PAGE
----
By Vanessa Stephens • April 24, 2019•Careers, Firms and the Private Sector, Politics and Government, Features, First Women
This time last year, I developed a newfound love of securities law while I was studying for my Corporations final. Locked in a study room with my study partner, outlining the elements of classical insider trading and the misappropriation theory, I discovered an area of law that was new and very interesting to me. The following semester, I enrolled in a mix of business and securities law classes to learn more about the intersections between the two areas. I even enrolled in accounting (which I found fascinating). Despite having worked at the Securities and Exchange Commission as an Honors Intern for this past semester, I still have only scratched the surface of the industry.
A couple of weeks ago, I attended a securities panel at Howard University School of Law. Our Investor Justice Clinic professors organized a group of panelists from the securities industry, including a law firm partner, litigation associate, a leader at FINRA, and an executive of an investment banking firm, to discuss their experience learning (and excelling) in the securities industry. Because I had been searching for the best way to continue learning about the industry after taking several securities law classes, one of my biggest takeaways from the event was their advice on a reading list.
- Wall Street Journal: A daily publication reporting the day to day changes in U.S. markets, focusing heavily on daily national financial news.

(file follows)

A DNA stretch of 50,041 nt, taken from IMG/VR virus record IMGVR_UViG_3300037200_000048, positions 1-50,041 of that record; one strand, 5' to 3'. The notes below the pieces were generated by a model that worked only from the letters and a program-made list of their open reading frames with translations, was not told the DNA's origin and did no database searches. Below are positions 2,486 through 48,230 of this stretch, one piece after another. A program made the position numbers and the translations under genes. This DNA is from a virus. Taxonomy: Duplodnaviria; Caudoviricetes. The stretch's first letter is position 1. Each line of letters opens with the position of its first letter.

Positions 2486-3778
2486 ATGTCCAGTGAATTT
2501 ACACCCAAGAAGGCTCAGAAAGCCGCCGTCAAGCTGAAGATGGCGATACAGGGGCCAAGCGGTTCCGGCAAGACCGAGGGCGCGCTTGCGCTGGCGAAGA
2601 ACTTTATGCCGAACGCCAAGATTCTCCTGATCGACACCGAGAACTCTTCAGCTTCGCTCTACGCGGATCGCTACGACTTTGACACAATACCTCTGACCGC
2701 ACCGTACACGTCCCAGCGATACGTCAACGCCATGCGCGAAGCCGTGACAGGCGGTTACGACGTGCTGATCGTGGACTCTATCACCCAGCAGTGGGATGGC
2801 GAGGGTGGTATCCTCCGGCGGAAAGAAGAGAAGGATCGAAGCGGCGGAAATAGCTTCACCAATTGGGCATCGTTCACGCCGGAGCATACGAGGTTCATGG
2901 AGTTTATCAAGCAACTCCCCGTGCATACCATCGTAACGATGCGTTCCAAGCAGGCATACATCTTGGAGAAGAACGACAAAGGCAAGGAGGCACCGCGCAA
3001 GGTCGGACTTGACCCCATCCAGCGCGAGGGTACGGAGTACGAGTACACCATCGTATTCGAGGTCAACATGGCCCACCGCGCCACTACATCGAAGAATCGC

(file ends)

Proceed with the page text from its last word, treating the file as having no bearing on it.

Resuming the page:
- Financial Times: Another daily publication reporting on market changes. This publication has more of an international focus.
- Bloomberg BusinessWeek: A weekly publication with longer articles highlighting the market changes across the week with commentary and opinion pieces on their longer-term effects.
- The Economist: Another weekly publication with longer articles, and now, daily videos. The longer articles generally have an in-depth explanation of the social and policial impacts of economic changes in the U.S. and around the world.
Finally, the panelists encouraged us to take on a longer-term goal. FINRA offers the Securities Industry Essentials (SIE) exam for young professionals entering the securities markets. While it does require preparation, the exam tests knowledge of capital markets, the various securities products, trading regulations, and the securities regulatory framework. Successful completion of the exam certifies the test-taker for four years. Find more information on the SIE here.
The panel discussion touched on many other practical topics and advice on how to a learn about the securities industry while in law school, including selecting courses and applying for internships with the SEC, FINRA, and other SROs (Self-Regulatory Organizations). I found the reading list the most helpful because there is so much to learn. Reading these publications for 30 - 45 minutes in the morning over the last two weeks has expanded my knowledge already!